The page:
The Ganga river with its riverfront ghats also fulfill the criteria of Cultural Landscapes as designated in Article 1 of the Convention and specifically that of a cultural landscape “that retains an active social role in contemporary society closely associated with the traditional way of life, and in which the evolutionary process is still in progress“ and an associative cultural landscape “by virtue of powerful religious, artistic, cultural associations of the natural element”, mentioned author Prof Rana P B Singh, Department of Geography, Banaras Hindu University, Varanasi.
Megalithic site of Hire Benkal
The 2,800-years-old megalithic site of Hire Benkal in Karnataka has made it to the tentative list owing to the fact that it is one of the largest prehistoric megalithic settlements where some funerary monuments are still intact.
According to scholars, the granite structures are burial monuments that may also have served many ritual purposes. Due to the extremely valuable collection of Neolithic monuments, the site was proposed for recognition.
Maratha Military Architecture in Maharashtra
There are 12 forts in Maharashtra dating back to the era of the 17th-century Maratha king Chhatrapati Shivaji. They are namely Shivneri (the birthplace of Shivaji); Raigad (the capital fort rebuilt for the coronation of the Maratha king), Torna (the first fort of the Maratha empire), Rajgad, Salher-Mulher, Panhala, Pratapgad, Lohagad, Sindhudurg, Padmadurga (Kasa), Vijaydurg and Kolaba.
“The theme for the serial nomination of these forts is ‘Maratha Military Architecture in Maharashtra and Guerrilla Warfare’,” said Tejas Garge, director of the Directorate of Archaeology and Museums. With this theme, the directorate will highlight how the formation of Military Landscape in the form of hill and sea forts as a response to hilly terrain in the area is of outstanding universal value,” Garge told indianexpress.com.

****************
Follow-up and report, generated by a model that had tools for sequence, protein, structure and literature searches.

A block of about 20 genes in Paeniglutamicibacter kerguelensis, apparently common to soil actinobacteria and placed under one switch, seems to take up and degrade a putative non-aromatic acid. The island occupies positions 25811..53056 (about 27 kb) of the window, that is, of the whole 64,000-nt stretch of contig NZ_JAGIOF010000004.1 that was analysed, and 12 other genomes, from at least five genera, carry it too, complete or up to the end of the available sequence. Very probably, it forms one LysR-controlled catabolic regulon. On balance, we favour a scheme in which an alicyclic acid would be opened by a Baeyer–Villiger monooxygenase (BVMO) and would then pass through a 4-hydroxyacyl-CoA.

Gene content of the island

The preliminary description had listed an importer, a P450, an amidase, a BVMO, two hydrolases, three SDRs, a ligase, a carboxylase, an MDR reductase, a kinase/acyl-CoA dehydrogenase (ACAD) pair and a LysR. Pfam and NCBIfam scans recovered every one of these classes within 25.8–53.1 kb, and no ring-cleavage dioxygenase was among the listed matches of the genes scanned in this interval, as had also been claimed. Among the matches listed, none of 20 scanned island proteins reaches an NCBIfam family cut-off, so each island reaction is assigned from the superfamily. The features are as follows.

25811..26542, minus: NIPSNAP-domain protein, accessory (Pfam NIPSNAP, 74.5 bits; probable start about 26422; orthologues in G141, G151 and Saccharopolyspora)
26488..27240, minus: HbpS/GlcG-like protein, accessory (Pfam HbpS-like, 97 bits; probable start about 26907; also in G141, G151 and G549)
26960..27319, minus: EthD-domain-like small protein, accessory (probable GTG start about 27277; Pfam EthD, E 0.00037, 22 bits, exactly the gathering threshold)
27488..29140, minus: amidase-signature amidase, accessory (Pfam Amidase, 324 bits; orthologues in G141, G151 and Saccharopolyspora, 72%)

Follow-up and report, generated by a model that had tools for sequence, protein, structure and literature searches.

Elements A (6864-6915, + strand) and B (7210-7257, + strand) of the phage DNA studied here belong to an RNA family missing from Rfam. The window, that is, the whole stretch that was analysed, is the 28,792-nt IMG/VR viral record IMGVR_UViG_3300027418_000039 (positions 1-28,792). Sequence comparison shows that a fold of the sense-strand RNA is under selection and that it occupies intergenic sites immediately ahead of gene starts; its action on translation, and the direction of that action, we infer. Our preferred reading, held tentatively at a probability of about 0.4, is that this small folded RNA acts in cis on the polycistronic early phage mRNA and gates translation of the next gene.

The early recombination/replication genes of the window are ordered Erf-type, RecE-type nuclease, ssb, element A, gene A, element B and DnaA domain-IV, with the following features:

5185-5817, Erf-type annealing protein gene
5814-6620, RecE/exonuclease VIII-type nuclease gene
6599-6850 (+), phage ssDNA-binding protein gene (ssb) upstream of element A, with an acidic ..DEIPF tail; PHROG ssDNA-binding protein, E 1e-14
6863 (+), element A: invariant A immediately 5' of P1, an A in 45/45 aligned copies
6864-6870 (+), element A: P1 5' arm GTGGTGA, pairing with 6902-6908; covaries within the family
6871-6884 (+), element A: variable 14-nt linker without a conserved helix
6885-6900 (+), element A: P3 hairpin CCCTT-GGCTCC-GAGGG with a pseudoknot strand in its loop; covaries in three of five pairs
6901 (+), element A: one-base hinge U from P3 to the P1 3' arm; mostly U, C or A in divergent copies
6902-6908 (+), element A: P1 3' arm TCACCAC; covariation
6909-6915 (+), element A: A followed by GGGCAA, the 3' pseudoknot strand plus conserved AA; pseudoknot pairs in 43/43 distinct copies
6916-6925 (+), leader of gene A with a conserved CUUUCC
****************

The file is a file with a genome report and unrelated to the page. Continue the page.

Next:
Bhedaghat-Lametaghat in Narmada Valley- Jabalpur
Another iconic site from Madhya Pradesh, Bhedaghat, often referred to as the Grand Canyon of India, is a town in the Jabalpur district, around 25 kms from Jabalpur. It is known for its marble rocks and their various morphological forms on either side of the Narmada river which flows through the gorge, states whcunesco.org. ‘It has also been observed that the magical marble mountains assume different colours and even shapes of animals and other living forms as one moves through them.’
Several dinosaur fossils have been found in the Narmada valley, particularly in Bhedaghat-Lametghat area of Jabalpur. In 1828, the first Dinosaur fossil was collected from Lameta Bed by William Sleeman. River Narmada narrows down on its way through marble rocks and plunges in a waterfall giving out the appearance of a smoke cascade, the website mentions.
Temples of Kanchipuram
Synonymous with spirituality, serenity, and silk, the temple town of Kanchipuram in Tamil Nadu, is dotted with ancient temples that are architectural marvels and a visual treat, states incredibleindia.org. Situated on the banks of River Vegavathi, this historical city once had 1,000 temples, of which only 126 (108 Shaiva and 18 Vaishnava) now remain. Its rich legacy has been the endowment of the Pallava dynasty, which made the region its capital between the 6th and 7th centuries and lavished upon its architectural gems that are a fine example of Dravidian styles.